We’ve all seen a sommelier gently pouring a bottle of older wine into an elegant decanter and service from this fancy glassware, not the bottle.  But why do they do this?  And when is it appropriate?

There is one main reason to decant a wine and a secondary benefit that you might want to consider.  The first is the from the technical definition of decant, which is to remove a liquid from a solid precipitate.  In the case of red wine, over time, the tannins combine to form longer chain polymers and while this softens the harsher taste of the wine, it also drops out as a sediment at the bottom of the bottle.  Decanting is used to get the wine out while leaving the sediment.

Most red wines are filtered before bottling, but some winemakers leave traces of yeast and bits of grapes in the wine, thinking it lends character.  These elements will also drop out of solution over time.  Decanting has the same effect on these particles as on the tannin polymers mentioned above.

The second reason to decant a wine is to give it some oxygen exposure and allow the wine to open and release any off-putting flavors.  This is particularly useful for wines that are younger and still “tight” an hour or so of air exposure will cause the wines to soften and drink as though they are a bit older. You do have to be careful here as the air exposure allows the aromatics to volatilize and these are the very components that give the wine aroma and flavor – so don’t wait too long after decanting to drink up!  This is particularly true for ancient red wines which are potentially at the end of the drinkable life and an hour in a decanter will close the drinkable window – these – you should drink up immediately.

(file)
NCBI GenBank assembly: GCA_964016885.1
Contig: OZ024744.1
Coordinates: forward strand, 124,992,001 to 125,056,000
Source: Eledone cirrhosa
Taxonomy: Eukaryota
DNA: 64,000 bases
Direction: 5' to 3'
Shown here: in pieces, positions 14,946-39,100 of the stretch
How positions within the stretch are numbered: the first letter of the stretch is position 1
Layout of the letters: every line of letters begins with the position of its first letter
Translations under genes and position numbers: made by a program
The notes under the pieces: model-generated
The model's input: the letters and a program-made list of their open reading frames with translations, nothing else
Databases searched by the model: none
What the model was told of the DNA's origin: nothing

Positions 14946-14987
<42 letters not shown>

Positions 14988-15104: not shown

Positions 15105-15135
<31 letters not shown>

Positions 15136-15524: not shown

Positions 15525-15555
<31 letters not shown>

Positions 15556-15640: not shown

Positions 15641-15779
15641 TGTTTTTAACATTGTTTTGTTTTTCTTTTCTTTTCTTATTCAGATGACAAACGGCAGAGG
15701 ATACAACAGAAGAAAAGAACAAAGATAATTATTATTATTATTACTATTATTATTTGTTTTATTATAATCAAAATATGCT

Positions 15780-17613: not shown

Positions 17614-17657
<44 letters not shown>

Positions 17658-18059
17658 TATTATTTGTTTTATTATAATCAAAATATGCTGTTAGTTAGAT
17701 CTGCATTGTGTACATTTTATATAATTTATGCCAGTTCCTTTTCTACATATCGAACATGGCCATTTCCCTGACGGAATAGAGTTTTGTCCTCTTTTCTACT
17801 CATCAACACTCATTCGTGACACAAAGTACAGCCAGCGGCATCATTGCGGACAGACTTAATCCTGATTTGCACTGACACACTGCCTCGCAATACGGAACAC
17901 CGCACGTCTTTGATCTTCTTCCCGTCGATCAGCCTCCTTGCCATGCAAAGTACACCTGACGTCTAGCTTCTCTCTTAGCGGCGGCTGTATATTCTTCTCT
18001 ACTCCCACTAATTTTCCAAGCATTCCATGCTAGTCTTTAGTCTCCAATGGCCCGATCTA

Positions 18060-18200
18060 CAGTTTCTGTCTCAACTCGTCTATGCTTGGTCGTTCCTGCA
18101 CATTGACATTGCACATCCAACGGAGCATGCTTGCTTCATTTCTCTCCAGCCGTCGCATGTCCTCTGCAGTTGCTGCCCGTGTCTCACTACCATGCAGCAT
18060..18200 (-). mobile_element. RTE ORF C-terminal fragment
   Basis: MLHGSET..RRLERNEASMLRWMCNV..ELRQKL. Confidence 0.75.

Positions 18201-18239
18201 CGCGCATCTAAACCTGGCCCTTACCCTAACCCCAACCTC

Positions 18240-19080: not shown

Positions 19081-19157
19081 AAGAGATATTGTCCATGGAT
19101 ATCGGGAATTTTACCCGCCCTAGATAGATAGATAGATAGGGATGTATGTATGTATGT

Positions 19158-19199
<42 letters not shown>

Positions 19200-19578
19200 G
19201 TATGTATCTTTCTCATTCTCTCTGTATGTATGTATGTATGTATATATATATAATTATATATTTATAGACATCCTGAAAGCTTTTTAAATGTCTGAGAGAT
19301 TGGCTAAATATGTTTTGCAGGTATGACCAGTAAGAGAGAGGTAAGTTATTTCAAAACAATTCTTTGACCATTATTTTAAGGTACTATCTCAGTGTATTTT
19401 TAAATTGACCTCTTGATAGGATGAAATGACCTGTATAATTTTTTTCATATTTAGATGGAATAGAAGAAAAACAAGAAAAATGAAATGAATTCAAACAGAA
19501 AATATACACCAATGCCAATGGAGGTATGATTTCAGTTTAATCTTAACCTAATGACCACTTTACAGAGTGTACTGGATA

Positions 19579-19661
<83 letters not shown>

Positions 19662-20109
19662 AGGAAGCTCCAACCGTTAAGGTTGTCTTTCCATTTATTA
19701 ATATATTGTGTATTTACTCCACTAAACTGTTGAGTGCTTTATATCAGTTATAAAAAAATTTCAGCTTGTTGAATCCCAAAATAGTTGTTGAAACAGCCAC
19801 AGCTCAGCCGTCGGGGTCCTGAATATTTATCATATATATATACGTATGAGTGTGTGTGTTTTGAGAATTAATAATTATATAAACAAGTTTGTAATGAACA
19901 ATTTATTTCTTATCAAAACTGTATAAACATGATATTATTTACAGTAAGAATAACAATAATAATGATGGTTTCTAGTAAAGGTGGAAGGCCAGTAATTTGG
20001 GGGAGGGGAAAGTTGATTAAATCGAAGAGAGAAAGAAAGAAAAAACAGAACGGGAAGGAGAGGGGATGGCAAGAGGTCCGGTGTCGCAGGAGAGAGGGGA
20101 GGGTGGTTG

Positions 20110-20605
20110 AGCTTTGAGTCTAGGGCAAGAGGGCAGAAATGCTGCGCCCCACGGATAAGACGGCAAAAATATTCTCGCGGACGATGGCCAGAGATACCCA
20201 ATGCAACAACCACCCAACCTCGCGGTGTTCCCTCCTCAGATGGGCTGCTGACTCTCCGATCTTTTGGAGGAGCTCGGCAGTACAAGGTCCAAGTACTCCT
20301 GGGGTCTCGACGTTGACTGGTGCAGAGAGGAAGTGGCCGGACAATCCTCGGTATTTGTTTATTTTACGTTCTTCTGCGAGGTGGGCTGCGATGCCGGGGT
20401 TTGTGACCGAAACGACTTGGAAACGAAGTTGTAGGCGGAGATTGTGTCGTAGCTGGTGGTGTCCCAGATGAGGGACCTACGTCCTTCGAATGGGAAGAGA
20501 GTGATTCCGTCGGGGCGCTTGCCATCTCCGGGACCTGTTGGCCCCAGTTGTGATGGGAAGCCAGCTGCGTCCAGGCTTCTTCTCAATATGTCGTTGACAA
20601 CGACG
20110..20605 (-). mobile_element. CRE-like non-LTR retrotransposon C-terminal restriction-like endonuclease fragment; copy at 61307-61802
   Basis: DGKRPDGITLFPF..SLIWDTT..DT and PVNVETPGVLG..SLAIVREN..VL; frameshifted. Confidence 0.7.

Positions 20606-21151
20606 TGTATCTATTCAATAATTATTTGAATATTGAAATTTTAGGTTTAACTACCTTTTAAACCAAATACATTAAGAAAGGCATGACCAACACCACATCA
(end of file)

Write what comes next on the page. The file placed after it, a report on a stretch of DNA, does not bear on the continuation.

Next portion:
Older red wines, perhaps with 15-20 years of age benefit the most from decanting as they will almost certainly have tannin polymers that can make the drinking experience unpleasant.  No matter the age, if you can see sediment in the bottle, you should decant so your friends don’t get mud in their glass.  What is interesting, is that younger reds and whites can benefit from the oxygen exposure that allows the wine to open and soften before drinking.  So, when the sommelier asks if I want the wine decanted – I always answer yes – can’t hurt and it might help!

When trying to decant, you should gently handle the bottle perhaps even leaving on the side so the sediment doesn’t get stirred up and back into the wine.  Have your glass pitcher or decanter clean and ready and the size and shape doesn’t matter.  I’ve decanted into lovely iced tea pitchers with flowers on the sides as decoration.  Gently open the wine, hopefully without disturbing the sediment. Once open slowly pour the wine into the decanter, looking for the sediment entering the neck of the bottle.  Sommeliers will use a candle under the neck to better see the sediment, but I have found the flashlight on my phone to be an excellent option.  Once the sediment starts to show, stop pouring.  This leaves some wine in the bottle, but the wine in the decanter will be nice and clear.

I have seen some untrained waiters get a lovely decanter, gently open the wine and then proceed to turn the bottle upside-down and free pour the entire bottle into glass vessel.  This defeated the entire purpose of decanting as the sediment was now nicely mixed into the wine and unlikely to settle out for a few hours.

When to decant?  The answer is simple – old red wines – decant.  Younger red and white wines – decant.  And when in doubt – decant.  It can’t hurt.